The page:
The recent lockdown means that most of us have spent the last few monthS or so at home, with our cars idling on our driveways. While you might think that the odd trip the local shop is enough to keep your engine turning over, the truth is that a lack of regular use can easily result in a flat battery.
As research shows that 1 in 4 batteries would fail a test – and 42% of motorists don’t know what to do if they’re faced with a flat battery – we thought it would be a good time to look at how you can avoid this situation during Covid-19.
Why do car batteries go flat?
Simply put, a component called an alternator draws power from a running engine to automatically recharge a car battery. So, if you haven’t driven your car for a while then the alternator hasn’t had chance to charge up your battery and your engine may not start.
You might be wondering why a battery would go flat in the first place, particularly if it’s not being used. Surely it just maintains its charge? Well, batteries naturally lose a small amount of charge whether they’re in use or not and higher outside temperatures can make this process worse. In addition, things like your car alarm and any immobilisers also drain the battery, and the more you have of this type of equipment, the quicker it will drain. The age of your car is another factor, with older batteries more vulnerable to lack of use.
How can I look after my battery?
Running your engine for five minutes a day isn’t enough to charge your battery and might make the situation worse, because it takes a large amount of battery power to start your engine. It can actually take at least 30 minutes of driving to charge the battery, depending on the vehicle and battery age, but the current restrictions advise against this type of non-essential travel.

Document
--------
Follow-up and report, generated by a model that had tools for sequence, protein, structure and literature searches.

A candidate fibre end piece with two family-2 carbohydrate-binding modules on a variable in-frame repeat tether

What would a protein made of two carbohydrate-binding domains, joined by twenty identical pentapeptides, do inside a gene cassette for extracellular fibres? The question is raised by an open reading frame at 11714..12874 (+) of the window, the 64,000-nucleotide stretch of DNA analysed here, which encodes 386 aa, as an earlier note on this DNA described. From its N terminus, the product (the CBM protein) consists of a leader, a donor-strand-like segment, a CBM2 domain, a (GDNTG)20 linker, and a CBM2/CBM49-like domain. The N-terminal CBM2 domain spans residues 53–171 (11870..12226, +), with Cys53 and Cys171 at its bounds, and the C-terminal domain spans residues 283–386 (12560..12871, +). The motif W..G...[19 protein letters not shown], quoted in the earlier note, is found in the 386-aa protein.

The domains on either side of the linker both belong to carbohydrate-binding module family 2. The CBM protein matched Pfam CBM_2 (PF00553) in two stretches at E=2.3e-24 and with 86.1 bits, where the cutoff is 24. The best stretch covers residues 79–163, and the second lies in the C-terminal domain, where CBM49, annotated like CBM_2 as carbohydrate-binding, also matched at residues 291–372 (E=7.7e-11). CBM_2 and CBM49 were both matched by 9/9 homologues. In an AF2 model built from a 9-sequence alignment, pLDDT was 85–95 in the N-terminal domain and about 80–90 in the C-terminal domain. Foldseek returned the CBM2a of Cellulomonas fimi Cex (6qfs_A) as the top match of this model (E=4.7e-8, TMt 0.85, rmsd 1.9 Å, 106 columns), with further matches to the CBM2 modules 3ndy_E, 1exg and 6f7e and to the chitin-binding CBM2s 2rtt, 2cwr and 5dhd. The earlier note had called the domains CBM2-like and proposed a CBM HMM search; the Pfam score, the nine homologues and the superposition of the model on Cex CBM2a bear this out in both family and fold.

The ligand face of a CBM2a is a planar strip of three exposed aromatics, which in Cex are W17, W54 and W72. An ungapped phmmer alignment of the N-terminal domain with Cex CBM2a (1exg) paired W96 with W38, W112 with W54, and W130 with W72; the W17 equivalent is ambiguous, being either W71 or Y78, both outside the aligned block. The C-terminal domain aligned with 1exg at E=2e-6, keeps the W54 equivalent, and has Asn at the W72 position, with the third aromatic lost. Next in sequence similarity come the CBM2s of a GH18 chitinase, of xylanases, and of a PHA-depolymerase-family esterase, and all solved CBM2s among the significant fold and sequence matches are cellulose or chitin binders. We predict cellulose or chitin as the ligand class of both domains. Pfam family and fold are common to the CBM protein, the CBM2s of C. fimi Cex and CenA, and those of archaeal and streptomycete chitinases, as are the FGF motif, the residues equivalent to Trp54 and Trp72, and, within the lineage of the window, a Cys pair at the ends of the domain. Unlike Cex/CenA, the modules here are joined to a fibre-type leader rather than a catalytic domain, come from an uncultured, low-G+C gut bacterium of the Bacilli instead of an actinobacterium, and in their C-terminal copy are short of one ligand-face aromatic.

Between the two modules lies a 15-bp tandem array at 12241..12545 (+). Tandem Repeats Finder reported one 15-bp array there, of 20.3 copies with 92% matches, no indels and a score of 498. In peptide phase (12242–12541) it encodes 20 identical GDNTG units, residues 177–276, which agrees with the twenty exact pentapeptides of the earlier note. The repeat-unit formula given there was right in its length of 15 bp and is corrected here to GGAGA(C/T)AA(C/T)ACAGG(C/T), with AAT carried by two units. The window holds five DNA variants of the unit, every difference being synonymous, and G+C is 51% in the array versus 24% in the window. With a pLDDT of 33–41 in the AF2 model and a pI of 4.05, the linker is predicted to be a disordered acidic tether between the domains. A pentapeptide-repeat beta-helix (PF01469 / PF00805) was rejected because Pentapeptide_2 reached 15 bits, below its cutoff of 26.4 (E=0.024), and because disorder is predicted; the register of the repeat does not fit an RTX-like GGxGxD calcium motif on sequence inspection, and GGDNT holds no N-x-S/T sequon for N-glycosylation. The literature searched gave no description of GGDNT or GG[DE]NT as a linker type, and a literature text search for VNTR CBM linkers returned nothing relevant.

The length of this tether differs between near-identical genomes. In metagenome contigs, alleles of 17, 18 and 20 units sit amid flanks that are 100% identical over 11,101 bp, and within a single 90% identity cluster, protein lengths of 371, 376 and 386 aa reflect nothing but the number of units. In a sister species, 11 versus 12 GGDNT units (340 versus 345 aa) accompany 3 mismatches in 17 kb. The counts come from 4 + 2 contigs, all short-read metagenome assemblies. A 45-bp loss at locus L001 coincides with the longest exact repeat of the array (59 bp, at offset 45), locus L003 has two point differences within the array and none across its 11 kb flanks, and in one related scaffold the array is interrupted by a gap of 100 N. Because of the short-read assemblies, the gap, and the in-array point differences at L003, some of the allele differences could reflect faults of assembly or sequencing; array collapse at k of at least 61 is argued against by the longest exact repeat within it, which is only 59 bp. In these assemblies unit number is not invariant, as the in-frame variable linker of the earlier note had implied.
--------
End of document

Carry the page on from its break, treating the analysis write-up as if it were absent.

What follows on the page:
We’d therefore recommend that you use a battery charger every two weeks to keep the charge topped up. If you’re concerned about the condition of your car battery, you can also buy a car battery tester to monitor its health. And if your car travel is essential during lockdown, we offer a free battery health check to help keep your car running.
What if my battery is already flat?
The first option is to try to revive it by using a set of jump leads. You’ll need a second car to do this and remember that you need to have minimum contact with others, so ideally you’d use another car within your household. If that’s not possible and you need to ask someone else, then make sure you always keep a safe distance and only go to these lengths if it’s absolutely essential.
Your second option is to use a dedicated jump starter, to provide the essential spark. Batteries can be dangerous bits of kit, so take care and make sure that you read our guide on how to jump-start a car before you get started. This guide shows you how to use jump leads safely, protecting you and your vehicle from the dangers of a short circuit and a potential electric shock. It’s crucial because incorrectly jump-starting modern cars with complex electrical systems can cause irreparable damage to your electronic control unit.
Your third option is a car battery charger that will slowly and safely bring your battery back to life.
What if my battery needs replacing?
Our car battery buyer’s guide is a great place to start if you find that you need a new battery. It’s packed full of useful information and advice that will help you select the right replacement.
We also have our online battery finder. Simply enter your car registration number and our unique database will tell you the right product for your vehicle. You can then select the product you want, enter your postcode to find the nearest fitting store and book a fitting from £15.
Another option is our Halfords Mobile Expert team, who can come directly to your home and fit your new battery while maintaining a safe distance. Appointments can be booked online, where you can also find full details of about services, coverage and safety procedures.
Whatever you choose, rest assured that we will take your old battery away and recycle it for free with an approved waste disposal company.